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    Equipment / stirring Fans in a VFD panel

    I was talking to one a certain individual and he said he uses a certain simple formula for identifying once a VFD panel will not be cooled enough by stirring fans (fans simply mounted inside closed enclosure with no air access to exterior) based on the size of the enclosure and the power rating of the VFD and maybe a couple other auxilary components I'm guessing.
    Is there a certain formula methods used for this type of calculation?
    At what point should forced ventilation be a concern?


    #2
    Originally posted by Ramos617 View Post
    I was talking to one a certain individual and he said he uses a certain simple formula for identifying once a VFD panel will not be cooled enough by stirring fans (fans simply mounted inside closed enclosure with no air access to exterior) based on the size of the enclosure and the power rating of the VFD and maybe a couple other auxilary components I'm guessing.
    Is there a certain formula methods used for this type of calculation?
    At what point should forced ventilation be a concern?

    There is no simple formula that could possibly work that does not take into consideration what the exterior ambient temperature is and what the internal operating temperature limit of the VFD is. Not all VFDs of a given power rating will create the same amount of waste heat a full power, and even then it might depend on the details of the load it is driving. At best a formula can let you calculate how much heat must be rejected from the enclosure when the inside surface is at the maximum allowable temperature. Then you can calculate what ambient air temperature will allow that. If the ambient goes higher, you need ventilation. (Although a fan blowing on the outside of the enclosure might still work.

    What is possible is a "rule of thumb" calculation based on experience and requiring a safety factor of two or so. That can provide a good starting point, and the finished installation can be tested to see whether it was right.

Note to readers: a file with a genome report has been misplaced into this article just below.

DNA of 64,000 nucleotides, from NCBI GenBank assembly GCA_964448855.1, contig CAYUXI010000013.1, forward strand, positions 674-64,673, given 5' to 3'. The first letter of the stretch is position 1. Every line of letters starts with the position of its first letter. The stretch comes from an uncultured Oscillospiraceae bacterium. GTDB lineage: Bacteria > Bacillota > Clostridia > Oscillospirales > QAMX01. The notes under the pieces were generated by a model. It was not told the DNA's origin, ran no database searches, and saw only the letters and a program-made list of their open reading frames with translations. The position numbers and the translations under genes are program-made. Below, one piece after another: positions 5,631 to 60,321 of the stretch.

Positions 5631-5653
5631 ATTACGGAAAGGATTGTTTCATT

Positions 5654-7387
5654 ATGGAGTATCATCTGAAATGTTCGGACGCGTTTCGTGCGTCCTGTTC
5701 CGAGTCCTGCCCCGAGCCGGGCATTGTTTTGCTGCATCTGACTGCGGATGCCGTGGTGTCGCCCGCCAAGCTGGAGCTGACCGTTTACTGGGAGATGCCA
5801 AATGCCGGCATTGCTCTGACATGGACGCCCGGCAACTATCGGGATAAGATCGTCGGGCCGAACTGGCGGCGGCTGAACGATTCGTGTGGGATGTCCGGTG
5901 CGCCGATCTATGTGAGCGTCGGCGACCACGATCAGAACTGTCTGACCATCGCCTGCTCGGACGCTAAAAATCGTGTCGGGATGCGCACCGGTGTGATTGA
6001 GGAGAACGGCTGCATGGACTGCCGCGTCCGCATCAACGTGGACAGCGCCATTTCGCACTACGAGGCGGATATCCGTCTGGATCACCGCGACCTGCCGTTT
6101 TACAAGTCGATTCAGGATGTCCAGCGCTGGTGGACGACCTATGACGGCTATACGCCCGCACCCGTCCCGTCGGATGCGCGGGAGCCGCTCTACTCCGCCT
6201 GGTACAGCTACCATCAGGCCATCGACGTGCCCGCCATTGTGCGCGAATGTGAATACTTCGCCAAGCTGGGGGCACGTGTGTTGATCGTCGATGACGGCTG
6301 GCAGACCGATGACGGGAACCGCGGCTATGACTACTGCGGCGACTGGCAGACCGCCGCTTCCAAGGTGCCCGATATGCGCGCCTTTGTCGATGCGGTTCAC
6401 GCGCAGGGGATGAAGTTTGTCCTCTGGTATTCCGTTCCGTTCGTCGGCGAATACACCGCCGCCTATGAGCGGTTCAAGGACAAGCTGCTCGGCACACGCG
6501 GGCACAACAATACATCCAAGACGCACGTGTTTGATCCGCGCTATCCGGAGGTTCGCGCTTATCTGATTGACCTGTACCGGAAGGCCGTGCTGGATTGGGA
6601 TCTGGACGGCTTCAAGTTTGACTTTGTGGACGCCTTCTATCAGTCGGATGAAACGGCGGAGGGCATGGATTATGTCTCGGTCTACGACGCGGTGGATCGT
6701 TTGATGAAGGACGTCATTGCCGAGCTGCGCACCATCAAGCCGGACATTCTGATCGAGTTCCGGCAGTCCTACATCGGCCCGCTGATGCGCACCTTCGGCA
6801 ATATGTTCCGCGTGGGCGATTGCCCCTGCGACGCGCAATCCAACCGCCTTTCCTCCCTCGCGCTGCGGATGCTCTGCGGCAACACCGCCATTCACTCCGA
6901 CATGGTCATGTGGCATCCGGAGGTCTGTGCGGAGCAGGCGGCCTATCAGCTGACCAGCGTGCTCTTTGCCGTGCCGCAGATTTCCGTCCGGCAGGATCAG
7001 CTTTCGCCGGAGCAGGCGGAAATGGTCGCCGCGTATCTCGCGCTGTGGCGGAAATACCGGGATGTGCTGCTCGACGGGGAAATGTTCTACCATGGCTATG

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      #3
      Originally posted by Ramos617 View Post
      I was talking to one a certain individual and he said he uses a certain simple formula for identifying once a VFD panel will not be cooled enough by stirring fans (fans simply mounted inside closed enclosure with no air access to exterior) based on the size of the enclosure and the power rating of the VFD and maybe a couple other auxilary components I'm guessing.
      Is there a certain formula methods used for this type of calculation?
      At what point should forced ventilation be a concern?

      You can calculate it based on the surface areas available for cooling. For example, if your enclosure is wall mounted, the back panel can't be included. Most panels are painted mild steel and companies like Rittal or Eldon have information on this.

      I did my own spreadsheet with a simple yes or no on which surfaces to include.

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        #4
        Hoffman has a formula in their catalogue for this. IDR if I’ve put it into one of my spreadsheets but as B indicates, it certainly would not be difficult
        Tom
        TBLO

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          #5
          A stirring fan doesnt do anything. If properly installed according to the manual a vFD will circulate the air around it. Everything else is natural convection...hot air rises, cold air sinks, just like an oil filled transformer. The big limit, and Hoffmann as mentioned has formulas for this, is it's hard to radiate much off a panel. VFD heat load is easy. Multiply the maximum input in watts or if not given maximum continuous input rating x volts x 1.732 by the losses which is 100% minus the efficiency which will be in the specs too. Don't forget to add in all the other heat sources like any and all transformers and reactors/filters which you figure the same way.